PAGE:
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Which DNS server is connected?

Posted on 2013-01-23
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Last Modified: 2013-02-21
We have one DNS (named L) server and its failover server (B). Both are set as Primary and Secondary DNS on each server within the same LAN network. DNS settings are all same.

Somehow when I checked with DNS is in use/connected as DNS for each servers, some server shows L and some shows B. I used this command : >echo %LOGONSERVER%

Did I use the right command?
If so why I got this information?

Thank you very much!

Jing
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Question by:hanjgr
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by:TunerML
TunerML earned 83 total points
ID: 38812100
%LOGONSERVER% reflects which Domain Controller you are currently logged into, ipconfig /all look for Primary/Secondary DNS servers, as long as primary is available you should be using that one.
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by:pony10us
pony10us earned 167 total points
ID: 38812142
You can also do an NSLookup of a device on the network and it will tell you which DNS server it pulls the information from. Normally that would be your primary.

The difference between methods is that TunerML's will only give you the IP address of the two DNS servers.  The NSLookup will give you the FQDN as well as IP address of the server that responds to the DNS query.
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by:Suliman Abu Kharroub
Suliman Abu Kharroub earned 83 total points
ID: 38812461
The proper tool to check which DNS server is answering DNS queries is nslookup...

issue the nslookup from client machine and it will tell you the server which it uses.

To check the dns serer health run below command on both dcs:

Dcdiag /test:DNS
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by:PaciB
PaciB earned 83 total points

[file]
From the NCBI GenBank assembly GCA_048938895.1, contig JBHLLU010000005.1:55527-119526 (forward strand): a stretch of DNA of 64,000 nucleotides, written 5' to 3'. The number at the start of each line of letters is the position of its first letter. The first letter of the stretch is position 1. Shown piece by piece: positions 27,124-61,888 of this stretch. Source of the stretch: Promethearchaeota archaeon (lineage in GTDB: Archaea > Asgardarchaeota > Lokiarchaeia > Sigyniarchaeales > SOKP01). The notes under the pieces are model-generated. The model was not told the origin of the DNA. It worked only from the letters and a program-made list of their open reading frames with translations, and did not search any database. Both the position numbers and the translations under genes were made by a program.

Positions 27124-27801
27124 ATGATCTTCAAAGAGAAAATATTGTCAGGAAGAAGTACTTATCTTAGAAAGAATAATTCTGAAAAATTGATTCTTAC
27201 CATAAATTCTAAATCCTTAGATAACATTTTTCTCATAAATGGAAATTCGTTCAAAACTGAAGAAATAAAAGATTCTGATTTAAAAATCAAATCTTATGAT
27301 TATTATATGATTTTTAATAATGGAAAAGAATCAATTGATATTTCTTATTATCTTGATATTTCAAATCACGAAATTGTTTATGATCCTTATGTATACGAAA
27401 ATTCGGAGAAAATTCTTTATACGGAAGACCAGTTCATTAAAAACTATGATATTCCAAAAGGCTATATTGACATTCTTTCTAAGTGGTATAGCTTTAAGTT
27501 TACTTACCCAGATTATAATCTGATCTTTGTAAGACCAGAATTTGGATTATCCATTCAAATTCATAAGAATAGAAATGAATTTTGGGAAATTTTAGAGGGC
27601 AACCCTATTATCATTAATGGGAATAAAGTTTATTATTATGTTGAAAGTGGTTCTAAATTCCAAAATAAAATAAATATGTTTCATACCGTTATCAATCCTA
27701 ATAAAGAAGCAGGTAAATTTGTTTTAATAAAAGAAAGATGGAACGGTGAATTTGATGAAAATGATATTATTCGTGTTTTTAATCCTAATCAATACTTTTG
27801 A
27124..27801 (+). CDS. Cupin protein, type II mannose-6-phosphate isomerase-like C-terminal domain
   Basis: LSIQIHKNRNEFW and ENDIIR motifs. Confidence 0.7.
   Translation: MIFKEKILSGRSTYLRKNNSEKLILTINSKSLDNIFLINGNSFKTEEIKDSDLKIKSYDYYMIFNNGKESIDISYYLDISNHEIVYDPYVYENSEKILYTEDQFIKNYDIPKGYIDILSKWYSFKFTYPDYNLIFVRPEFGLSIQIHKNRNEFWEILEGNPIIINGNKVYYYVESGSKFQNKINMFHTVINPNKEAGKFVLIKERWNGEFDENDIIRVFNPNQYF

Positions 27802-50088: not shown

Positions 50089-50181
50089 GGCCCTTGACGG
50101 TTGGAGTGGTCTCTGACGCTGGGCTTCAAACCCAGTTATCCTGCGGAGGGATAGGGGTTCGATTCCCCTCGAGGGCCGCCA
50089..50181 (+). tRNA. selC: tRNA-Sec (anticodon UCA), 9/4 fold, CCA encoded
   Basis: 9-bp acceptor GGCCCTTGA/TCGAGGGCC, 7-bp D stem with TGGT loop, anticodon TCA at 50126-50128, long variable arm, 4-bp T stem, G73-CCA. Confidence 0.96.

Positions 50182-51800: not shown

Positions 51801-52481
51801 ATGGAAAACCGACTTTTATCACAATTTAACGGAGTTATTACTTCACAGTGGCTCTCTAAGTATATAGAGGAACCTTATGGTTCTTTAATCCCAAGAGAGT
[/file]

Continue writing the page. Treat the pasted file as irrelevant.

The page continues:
ID: 38812524
Hi,

I just want to give some precision about DNS primary and secondary...

Microsoft DNS client on windows computers or server uses what we can call a "preferred DNS server". When the DNS client has to resolve a DNS name it will not request the primary DNS server but the "preferred DNS server".
Waht is the preffered DNS server ? Well... simply the last successfully requested DNS server.
That means that if for any reason the currentlu used DNS server did not answer or take too much time to answer the DNS client might have decided to interrogate the next one in the list and if this one answers it becomes the new preferred DNS server and will always be requested at first on next name resolution.

So the "primary" or "secondary" order is only useful at startup time. When a computer is started it will try to reach the first DNS server in the list, the one that is called "primary" in IP settings, but after that the "primary" notion no more exists... only the preferred DNS server notion exists.

Have a good day.
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by:pony10us
pony10us earned 167 total points
ID: 38812566
PaciB:

Very good point.  To make that a little stronger, lets say you have two DNS servers. One is in your office and the other is on across the state from you. Now lets say that you "primary" DNS is set to the one across the state. Naturally you would think that it would use that one first however, due to network congestion, it is quicker to get the response from the one in your local office.  This becomse your "preferred" and will continue to be the one you resolve with unless/until it can't respond.

The same is true in the opposite scenario where the local may be your "primary" but can't respond for some reason so the one across the state becomes the "preferred".

nslookup is still the best way to determine what server is providing the lookups at any given point in time.
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DrDave242 earned 84 total points
ID: 38812729
I'm pretty sure nslookup always defaults to the preferred server.  In fact, I just tested this by setting my workstation's DNS servers to 127.0.0.1 (certainly not valid) and 8.8.8.8 and flushing the resolver cache.  I ran nslookup, and it defaulted to 127.0.0.1.  Then I closed nslookup and pinged www.google.com.  It was able to resolve the FQDN to an address, so DNS worked as it should.  Since there's no DNS server running on 127.0.0.1, it had to have gotten the address from 8.8.8.8.  However, I then ran nslookup again, and it defaulted to 127.0.0.1.

I don't think nslookup can tell you which server the Windows resolver is using, because it uses its own separate resolver.  The only surefire way I can think of to determine which DNS server is being used by a machine at a given time is to run a packet trace.
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